Of all the SKM lines, however, I would only classify S2 as an S-Bahn as it offers a regular 30-minute headway. Line S1 is a bit confusing as it is actually made of two overlapping lines, and with an absurdly irregular headway. S3 only runs every hour and uses the mainline tracks through the city, so it does not stop at Ochota, Powisle and Stadion. And S9 has a rather irregular timetable, too. All routes are complemented with some regional services which may also call at all local stations. But I think that Warsaw has a good potential for a proper S-Bahn system. This would, of course, need some investment around Zachodnia station, but then all S lines should be bundled along the local tracks, thus creating a sort of east-west trunk route with trains every few minutes between Zachodnia and Wschodnia which people will perceive like a third metro axis. Additionally they should really create a ring line, although this would require the most investment at Zachodnia, and a couple of additional stations on the existing route, for example in Targówek in the east. Unfortunately, despite the new trains, the SKM service suffers from a lack of standardised platform heights. Often you have to step down into the train, and there is always quite a big gap. But for the airport, I can certainly recommend it, as there is a train departing every 15 minutes for the city centre.
All in all, the tram system is in quite a good shape. I did not manage to ride on the entire system, but about 75% of what was available, as some routes were closed for upgrading during the summer. I was especially pleased with the newer PESA low-floor trams, both the numerous vehicles of the Swing type and the latest Jazz trams. Both run very smoothly and swiftly on what are certainly not always new routes, they can go around curves without getting too slow, and generally speed up quite well. Here it is actually the older Konstal high-floor trams that make more noise and overall offer a much less comfortable ride. So while trams travel fast, the system's major problem seems to be the huge road intersections, where they are often held waiting too long:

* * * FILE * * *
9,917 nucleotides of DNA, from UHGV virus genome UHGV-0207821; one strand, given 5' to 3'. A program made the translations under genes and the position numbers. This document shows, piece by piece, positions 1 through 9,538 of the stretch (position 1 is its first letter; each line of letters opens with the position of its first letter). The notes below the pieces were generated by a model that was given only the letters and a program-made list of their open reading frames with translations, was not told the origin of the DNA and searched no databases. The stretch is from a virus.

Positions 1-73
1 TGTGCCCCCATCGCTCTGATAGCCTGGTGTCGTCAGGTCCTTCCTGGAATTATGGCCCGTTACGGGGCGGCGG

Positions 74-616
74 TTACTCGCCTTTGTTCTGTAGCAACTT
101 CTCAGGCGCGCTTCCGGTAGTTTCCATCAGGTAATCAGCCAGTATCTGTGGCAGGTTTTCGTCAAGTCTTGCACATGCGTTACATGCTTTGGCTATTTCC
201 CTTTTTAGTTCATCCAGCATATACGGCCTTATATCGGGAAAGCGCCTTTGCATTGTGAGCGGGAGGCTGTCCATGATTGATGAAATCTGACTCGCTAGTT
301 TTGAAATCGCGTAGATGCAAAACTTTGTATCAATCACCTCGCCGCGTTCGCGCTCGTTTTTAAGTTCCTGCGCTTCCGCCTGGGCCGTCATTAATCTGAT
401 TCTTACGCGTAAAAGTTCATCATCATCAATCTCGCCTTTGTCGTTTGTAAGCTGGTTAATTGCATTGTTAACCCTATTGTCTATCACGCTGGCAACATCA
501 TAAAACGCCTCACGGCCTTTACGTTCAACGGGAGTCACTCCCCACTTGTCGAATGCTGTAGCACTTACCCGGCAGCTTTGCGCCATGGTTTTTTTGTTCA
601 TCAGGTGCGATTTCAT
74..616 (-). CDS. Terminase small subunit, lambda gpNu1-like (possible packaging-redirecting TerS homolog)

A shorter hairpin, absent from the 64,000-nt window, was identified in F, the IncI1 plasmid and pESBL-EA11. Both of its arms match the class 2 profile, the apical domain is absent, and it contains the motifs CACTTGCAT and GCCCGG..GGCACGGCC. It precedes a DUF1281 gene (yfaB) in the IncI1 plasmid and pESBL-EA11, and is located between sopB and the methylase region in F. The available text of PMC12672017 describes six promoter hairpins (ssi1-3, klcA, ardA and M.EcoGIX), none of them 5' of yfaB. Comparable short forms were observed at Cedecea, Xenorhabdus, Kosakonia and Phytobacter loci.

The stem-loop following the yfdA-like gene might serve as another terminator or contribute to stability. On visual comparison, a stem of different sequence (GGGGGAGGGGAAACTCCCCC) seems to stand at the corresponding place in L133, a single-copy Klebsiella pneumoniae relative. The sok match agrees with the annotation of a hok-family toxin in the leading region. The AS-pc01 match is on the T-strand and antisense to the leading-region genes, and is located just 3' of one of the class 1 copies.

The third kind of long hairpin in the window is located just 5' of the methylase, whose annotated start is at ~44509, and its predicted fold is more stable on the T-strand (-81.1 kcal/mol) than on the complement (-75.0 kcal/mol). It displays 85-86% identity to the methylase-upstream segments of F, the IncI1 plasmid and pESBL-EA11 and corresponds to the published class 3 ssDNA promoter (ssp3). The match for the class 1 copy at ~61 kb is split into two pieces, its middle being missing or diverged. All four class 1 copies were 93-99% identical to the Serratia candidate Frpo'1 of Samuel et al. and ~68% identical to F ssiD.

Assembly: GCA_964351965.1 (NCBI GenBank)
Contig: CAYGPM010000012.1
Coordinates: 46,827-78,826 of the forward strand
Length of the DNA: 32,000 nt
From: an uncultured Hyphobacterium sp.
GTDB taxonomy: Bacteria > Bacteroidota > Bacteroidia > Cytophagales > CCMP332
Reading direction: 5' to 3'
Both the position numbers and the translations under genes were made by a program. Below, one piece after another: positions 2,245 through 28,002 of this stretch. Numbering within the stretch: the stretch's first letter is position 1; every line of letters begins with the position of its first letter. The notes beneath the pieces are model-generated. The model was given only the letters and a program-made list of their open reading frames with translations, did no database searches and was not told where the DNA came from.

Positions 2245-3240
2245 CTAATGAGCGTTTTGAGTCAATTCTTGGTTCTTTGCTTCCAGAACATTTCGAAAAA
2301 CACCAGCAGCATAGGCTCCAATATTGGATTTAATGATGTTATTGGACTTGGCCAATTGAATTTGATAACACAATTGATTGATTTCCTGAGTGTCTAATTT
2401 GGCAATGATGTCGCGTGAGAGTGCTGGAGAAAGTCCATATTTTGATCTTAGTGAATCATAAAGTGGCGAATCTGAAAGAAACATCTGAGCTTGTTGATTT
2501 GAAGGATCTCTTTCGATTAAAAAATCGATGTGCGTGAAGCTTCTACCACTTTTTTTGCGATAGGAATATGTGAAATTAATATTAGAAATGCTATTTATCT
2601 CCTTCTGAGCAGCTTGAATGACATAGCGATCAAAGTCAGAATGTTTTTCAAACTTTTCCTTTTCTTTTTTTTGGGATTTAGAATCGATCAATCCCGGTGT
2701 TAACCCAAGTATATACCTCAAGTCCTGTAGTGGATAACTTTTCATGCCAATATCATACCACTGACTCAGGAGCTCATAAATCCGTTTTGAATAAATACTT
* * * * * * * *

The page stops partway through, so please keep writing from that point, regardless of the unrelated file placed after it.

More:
Major intersection in the city centre: Aleje Jerozolimskie & Marszalkowska, as seen from the Palac Kultury tower
Maybe a faster traffic light cycle would help, because if you have trams coming from various sides, traffic light preemption would not help much either. But I felt that traffic lights stay on green too long, although often no more cars were actually passing, also annoying for pedestrians waiting to cross the street. In most cases, the respective stops are located before the intersection, so doors can remain open until just before the green light comes.
The largest parts of the system are on dedicated rights-of-way, often even with a ballast trackbed, which on the one had prevents people from crossing the tracks, but on the other hand may be perceived too much as a dividing element. Only a few older sections have street-running or marked-off lanes, and almost all stops have platforms. However, even the newest platforms don't fully match the tram floor height, there is always a 5 cm step and a small gap. A few stops are left with street-boarding, some in Kolo, and one which struck me particularly, the one at Stare Miasto. This one is really dangerous, as many tourists not familiar with this situation get on and off there, too. And what was most surprising, buses also stop in the middle of the street. Luckily, Polish drivers are used to that and respect the situation by stopping behind the trams. Apparently, as I was told, the problem is known and a solution is being sought, and I have to admit that I don't have an instant proposal either. Because besides the tram stop, there is also a pedestrian crossing without traffic lights next to it, so chances are very high that a tram, bus or car may run you over...
Street-boarding into Pesa Swing tram at Stare Miasto
All stops have timetables with a list of all stops served by that line, but there are no network maps. Some stops have electronic next-tram indicators.
In one aspect, the Warsaw tram system is still typically "Eastern", i.e. the large number of different lines, with generally several lines sharing the same terminus (they mostly have a separate loop track), from where they head in different directions through the city:
Typical line up at outer terminus, here Os. Gorczewska